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Hawaii charter schools don’t follow national pattern

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Some of the assertions education historian Diane Ravitch makes about charter schools don’t hold water in Hawaii, where the schools have less autonomy and funding than in other states.

In her best-selling book "The Death and Life of the Great American School System: How Testing and Choice are Undermining Education," Ravitch writes that charter schools generally rely on overworked, nonunionized teachers, avoid enrolling the neediest students and are competing with, rather than complementing, public schools.

Ninety-five percent of charter schools employ nonunion teachers, she said. But that’s not the case in Hawaii, where the Hawaii State Teachers Association represents both charter and regular schoolteachers.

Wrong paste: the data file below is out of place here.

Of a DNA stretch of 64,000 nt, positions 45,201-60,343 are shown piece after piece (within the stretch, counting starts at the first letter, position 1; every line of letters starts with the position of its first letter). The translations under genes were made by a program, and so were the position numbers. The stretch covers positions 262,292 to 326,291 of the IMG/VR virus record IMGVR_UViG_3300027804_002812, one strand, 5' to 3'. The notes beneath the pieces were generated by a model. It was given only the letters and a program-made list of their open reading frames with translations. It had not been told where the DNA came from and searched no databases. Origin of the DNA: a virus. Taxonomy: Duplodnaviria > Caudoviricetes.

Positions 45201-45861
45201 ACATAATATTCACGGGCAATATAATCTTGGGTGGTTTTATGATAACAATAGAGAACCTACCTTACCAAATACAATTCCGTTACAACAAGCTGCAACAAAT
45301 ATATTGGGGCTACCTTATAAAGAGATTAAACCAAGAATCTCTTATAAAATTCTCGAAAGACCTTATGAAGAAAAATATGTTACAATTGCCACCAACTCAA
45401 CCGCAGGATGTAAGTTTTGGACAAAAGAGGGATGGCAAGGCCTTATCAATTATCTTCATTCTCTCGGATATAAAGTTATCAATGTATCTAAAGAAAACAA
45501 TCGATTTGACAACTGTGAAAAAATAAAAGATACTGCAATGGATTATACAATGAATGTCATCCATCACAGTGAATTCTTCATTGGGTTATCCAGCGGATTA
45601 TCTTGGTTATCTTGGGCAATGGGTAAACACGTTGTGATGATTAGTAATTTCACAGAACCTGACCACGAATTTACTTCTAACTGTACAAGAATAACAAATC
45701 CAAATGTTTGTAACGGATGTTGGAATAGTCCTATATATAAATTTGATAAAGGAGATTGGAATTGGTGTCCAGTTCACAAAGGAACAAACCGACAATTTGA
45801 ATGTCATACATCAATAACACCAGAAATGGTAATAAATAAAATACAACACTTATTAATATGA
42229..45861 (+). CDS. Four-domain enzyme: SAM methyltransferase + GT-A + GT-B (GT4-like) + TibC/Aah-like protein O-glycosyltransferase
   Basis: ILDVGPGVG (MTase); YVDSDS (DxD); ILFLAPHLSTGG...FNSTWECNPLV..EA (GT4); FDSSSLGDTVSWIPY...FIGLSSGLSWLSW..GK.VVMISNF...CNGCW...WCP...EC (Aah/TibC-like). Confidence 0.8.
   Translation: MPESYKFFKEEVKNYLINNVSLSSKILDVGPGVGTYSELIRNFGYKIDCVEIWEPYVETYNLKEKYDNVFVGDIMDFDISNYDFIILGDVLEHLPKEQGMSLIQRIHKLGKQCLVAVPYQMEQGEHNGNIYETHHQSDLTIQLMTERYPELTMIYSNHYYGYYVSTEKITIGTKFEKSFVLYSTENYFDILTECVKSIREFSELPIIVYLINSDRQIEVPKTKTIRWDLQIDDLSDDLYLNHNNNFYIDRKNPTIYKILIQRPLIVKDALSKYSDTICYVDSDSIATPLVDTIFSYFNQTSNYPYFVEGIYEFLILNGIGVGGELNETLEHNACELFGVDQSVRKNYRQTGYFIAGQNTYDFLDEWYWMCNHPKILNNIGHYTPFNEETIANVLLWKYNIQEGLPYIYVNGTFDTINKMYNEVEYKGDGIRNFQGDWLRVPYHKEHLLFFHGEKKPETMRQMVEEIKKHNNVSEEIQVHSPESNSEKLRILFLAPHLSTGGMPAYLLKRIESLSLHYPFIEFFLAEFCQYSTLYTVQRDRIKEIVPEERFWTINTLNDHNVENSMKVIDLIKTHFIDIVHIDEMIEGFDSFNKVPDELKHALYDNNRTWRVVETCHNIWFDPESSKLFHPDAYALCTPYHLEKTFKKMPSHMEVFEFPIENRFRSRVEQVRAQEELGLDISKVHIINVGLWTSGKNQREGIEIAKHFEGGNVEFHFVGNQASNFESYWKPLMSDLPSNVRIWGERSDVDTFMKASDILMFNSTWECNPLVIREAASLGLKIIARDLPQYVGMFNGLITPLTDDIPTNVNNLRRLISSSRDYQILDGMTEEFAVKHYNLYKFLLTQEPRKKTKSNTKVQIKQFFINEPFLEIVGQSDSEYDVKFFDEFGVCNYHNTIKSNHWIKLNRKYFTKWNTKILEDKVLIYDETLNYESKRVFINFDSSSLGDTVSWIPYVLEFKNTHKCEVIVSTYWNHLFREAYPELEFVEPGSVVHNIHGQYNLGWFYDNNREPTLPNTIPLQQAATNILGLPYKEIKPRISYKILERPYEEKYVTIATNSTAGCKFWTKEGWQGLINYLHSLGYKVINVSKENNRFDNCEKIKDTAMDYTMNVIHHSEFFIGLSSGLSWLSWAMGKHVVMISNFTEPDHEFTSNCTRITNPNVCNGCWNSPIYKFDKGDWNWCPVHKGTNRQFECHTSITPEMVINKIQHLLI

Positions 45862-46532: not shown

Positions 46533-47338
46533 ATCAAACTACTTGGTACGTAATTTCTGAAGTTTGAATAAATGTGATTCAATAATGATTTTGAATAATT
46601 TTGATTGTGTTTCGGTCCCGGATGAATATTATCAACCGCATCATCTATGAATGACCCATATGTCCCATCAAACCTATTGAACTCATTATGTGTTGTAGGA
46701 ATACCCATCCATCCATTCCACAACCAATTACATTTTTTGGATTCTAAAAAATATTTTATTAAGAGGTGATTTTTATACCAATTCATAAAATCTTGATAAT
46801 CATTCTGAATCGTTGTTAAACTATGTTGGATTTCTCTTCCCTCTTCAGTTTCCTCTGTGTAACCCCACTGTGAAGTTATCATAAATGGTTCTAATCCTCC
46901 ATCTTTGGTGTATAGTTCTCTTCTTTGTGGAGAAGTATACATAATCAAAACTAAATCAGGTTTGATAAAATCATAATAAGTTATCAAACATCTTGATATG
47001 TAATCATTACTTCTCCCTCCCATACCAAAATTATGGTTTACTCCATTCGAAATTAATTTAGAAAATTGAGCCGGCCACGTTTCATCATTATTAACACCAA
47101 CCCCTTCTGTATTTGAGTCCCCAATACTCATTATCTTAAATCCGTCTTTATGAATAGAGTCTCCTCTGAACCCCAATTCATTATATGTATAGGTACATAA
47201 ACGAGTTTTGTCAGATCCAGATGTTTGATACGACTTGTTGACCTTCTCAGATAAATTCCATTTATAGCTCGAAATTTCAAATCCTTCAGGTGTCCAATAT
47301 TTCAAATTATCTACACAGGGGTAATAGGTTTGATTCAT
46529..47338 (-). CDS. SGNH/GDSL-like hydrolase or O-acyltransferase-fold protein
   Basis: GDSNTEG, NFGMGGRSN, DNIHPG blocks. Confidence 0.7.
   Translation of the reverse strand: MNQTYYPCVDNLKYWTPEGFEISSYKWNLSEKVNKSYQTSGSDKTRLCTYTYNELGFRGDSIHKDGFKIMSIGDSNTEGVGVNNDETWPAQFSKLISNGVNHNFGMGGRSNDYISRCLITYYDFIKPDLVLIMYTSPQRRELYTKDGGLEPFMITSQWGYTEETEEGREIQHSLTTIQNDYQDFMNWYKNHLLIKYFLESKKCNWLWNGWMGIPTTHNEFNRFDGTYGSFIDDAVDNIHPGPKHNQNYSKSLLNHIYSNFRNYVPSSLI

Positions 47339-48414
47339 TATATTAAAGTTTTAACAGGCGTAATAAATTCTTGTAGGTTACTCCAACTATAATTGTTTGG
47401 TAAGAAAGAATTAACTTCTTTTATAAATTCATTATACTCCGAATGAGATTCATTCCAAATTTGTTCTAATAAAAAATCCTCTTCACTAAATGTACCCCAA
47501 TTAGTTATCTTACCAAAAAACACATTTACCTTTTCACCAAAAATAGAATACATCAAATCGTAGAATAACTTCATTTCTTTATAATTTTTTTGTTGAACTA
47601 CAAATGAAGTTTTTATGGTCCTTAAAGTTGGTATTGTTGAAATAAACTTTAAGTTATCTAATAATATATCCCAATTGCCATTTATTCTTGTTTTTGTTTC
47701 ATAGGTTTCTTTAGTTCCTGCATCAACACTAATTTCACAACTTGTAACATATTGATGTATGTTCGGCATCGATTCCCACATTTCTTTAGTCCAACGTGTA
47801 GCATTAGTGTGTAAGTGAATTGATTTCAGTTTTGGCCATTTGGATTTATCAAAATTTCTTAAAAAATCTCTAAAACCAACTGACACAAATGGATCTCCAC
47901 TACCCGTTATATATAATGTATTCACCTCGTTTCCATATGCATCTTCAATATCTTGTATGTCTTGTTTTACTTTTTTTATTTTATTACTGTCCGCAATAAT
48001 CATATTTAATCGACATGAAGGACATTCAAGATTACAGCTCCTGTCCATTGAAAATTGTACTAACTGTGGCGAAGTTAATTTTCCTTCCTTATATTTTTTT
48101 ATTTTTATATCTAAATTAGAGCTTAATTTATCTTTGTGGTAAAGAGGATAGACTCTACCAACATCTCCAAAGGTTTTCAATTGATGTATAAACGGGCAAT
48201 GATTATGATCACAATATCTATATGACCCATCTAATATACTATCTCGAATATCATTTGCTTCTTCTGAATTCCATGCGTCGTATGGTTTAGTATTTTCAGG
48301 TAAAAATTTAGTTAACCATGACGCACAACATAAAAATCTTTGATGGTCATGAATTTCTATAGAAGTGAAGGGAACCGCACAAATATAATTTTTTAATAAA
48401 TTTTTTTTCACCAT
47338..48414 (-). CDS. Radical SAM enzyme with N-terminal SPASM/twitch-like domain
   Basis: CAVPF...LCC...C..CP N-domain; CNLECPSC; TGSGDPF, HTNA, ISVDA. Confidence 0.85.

More than half the state’s 31 charter schools are Hawaiian-culture based, serving an indigenous population historically underserved in the regular school system. And nearly half of Hawaii’s charter school students qualify for free or reduced-price lunch, according to Hawaii’s Charter School Administrative Office.

Charter schools are subject to No Child Left Behind, the Hawaii State Assessment and the state’s content and performance standards, the same as regular public schools. But they receive less state funding, when calculated per pupil, than regular public schools, according to the CSAO.

Hawaii’s single, statewide public school district, funded at the state level rather than by local property taxes, is unique among the U.S. states. Ravitch said in a telephone interview that Hawaii’s charter school system seems unique, too, adding that "almost any statement that anyone could make about charter schools is going to be wrong in some particular." because of the diverse nature of the individualized, semiautonomous institutions.


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